Philip Hensher: Two weeks of learning the hard way in a wheelchair

'Suddenly people start to be nice to you - black cab drivers become complete angels'
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The Independent Online

Like most men, I fear, I am not bad at being ill, but absolutely terrible, a complete whining coward, when it comes to pain.

It began a couple of weeks ago, when I twisted awkwardly hoisting myself out of a swimming pool. I took a couple of steps, and then, all of a sudden, it was as if some invisible puppet-master had taken all the strings at once, and given them a great hoik.

I bent double, and then, involuntarily, fell onto my hands and knees. "Ggghhaarr! Aiiiiieeee! Grarrrkh!" Laurent gave me an old-fashioned look, no doubt surprised at my suddenly acquired ability to speak Armenian. I crawled after him, uttering Biblical cries of pain and suffering, until I got to the drawing room and collapsed. "Are you all right?" he said. "Back," I said. "Nurofen." "How many?" "How – khgrarr – many have you – arrrrrr – got?" A sleepless 24 hours later, and I was transformed into Father Ted's Father Jack, a bundled-up pile of human detritus, issuing occasional screams of pain, interspersed with "Feck! Arse! Brandy! Nurofen!"

The health service's telephone advisory service, NHS Direct, offered the helpful but obviously wrong advice that I'd probably strained a muscle and should take an aspirin or two. My GP offered me an appointment in six days' time ("If I could get to the damn surgery," I said, "I wouldn't need to call. And it's Dr Hensher to you.")

Twenty four hours later, I was more or less continuously screaming, my right leg was simultaneously agonisingly painful and numb (you'd think it could only be one or the other, really), and, with thoughts of permanent paralysis looming large, I phoned for an ambulance. "You've probably strained a muscle in your back. Why don't you go to bed and take an aspirin. And, no, we're not going to come out for you." Finally, my GP came out and diagnosed sciatica, which, I have to say, was pure hell.

I've never been disabled before, and being confined to a wheelchair has come as a bit of a revelation. Tiny tasks turn into major undertakings. Can I do without a morning newspaper? But there's no loo paper, and I've run out of milk and cigarettes, and Laurent won't be home for eight hours, and all my neighbours seem to be out. So off I trundle the 300 yards, even though I just haven't understood how people manage to wheel themselves home with a bag of necessities on their laps. I always seem to spill everything, usually halfway across Queenstown Road. One morning, my leg seemed a lot better, and I decided to have a go at shuffling there. That was a great mistake, since the leg gave way underneath me after three minutes, and I sat on the pavement howling with tears of pain – an unforgettably humiliating moment.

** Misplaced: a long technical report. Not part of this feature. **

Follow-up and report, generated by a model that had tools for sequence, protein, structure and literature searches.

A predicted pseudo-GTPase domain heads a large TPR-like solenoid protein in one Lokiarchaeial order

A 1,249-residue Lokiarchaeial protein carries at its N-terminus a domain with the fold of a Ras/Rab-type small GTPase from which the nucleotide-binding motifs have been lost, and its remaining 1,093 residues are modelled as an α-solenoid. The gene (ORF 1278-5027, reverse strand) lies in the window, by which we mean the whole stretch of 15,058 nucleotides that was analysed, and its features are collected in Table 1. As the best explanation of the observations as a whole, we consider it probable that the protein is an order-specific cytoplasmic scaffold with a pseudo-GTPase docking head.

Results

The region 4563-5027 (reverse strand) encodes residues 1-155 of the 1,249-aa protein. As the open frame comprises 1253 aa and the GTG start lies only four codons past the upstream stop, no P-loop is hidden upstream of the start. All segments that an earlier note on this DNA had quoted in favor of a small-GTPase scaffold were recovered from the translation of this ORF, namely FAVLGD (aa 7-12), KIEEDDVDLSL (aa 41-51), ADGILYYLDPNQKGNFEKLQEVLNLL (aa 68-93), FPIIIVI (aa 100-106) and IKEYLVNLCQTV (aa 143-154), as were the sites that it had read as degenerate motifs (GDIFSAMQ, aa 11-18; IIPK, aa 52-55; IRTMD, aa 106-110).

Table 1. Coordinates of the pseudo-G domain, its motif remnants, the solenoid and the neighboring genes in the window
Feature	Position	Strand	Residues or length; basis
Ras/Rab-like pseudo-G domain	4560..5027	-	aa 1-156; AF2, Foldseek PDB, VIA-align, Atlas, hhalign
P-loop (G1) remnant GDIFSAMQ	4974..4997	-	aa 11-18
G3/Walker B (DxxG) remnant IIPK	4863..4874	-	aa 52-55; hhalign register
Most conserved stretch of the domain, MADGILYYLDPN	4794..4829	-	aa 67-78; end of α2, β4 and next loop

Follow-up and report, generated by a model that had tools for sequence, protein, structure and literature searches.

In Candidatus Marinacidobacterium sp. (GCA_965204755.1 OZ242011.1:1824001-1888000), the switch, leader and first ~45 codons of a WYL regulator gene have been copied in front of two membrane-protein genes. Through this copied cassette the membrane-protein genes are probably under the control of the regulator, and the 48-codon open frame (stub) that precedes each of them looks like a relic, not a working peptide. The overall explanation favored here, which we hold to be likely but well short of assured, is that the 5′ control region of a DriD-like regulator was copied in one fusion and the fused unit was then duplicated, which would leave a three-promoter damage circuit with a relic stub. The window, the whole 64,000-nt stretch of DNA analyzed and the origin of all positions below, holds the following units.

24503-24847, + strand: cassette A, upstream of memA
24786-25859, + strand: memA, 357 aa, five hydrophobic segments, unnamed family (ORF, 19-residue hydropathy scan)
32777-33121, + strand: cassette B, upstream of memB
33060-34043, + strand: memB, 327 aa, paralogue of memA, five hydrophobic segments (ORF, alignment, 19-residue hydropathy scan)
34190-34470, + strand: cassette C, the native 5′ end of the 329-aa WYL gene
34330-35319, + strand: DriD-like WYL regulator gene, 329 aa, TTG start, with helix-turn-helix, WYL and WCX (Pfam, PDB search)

And you grow horribly thirsty for any kind of company; from seven o'clock onwards, I just sit listening for the blessed sound of the key in the lock, and look forward to hearing about what sort of day Laurent had. Even though I know that I am grumpy, and not very good company, and am going to have to give him a shopping list as soon as he arrives, still, at least it means conversation, and someone else to think about.

Suddenly, people start to be nice to you – black cab drivers are complete angels, for some reason. Everyone has seen the Paralympics and knows that There Is Nothing The Disabled Can't Do For Themselves, but, thank God, occasionally a patronising stranger does offer to give you a bit of a push. I always accept the offer eagerly.

But you grow acutely aware of neglect and thoughtlessness, too. Friends have been terribly kind, but it's hard to swallow back a tart response when someone comes round and comments on the untidiness. You feel they ought to have guessed that you couldn't make it from the sofa to the bookcase, and so just dropped the novel you've finished on the floor. Or people generously come round to eat with you, and leave without offering to do the washing up, and you wave them goodbye, all the time thinking that you are going to have to stand at the sink for an hour of complete agony.

And some people actively aren't interested; one friend, happily now an ex-friend, who has devoted his life to caring noisily for the distant underprivileged, saw me in the street, and almost ran away rather than inquire what on earth had happened to me. I really start to see how constant pain, in the end, works away at your mind, breeding depression and resentment.

Thank God, it's not going to be forever, and in another two weeks, it'll be over, and I'll be back in the land of the tall, where I can talk to people's faces, rather than their groins. But perhaps this ought to be a sort of annual duty for everyone, like military service, spending two weeks in a wheelchair. For the generally healthy, like me, it is an amazing reminder of your normal luck, just to walk out of the door, to run for a bus, and never think twice about it. Yes, it ought to be compulsory: only without the sciatica, because that – Christ – I would not wish on anyone.

hensherp@dircon.co.uk

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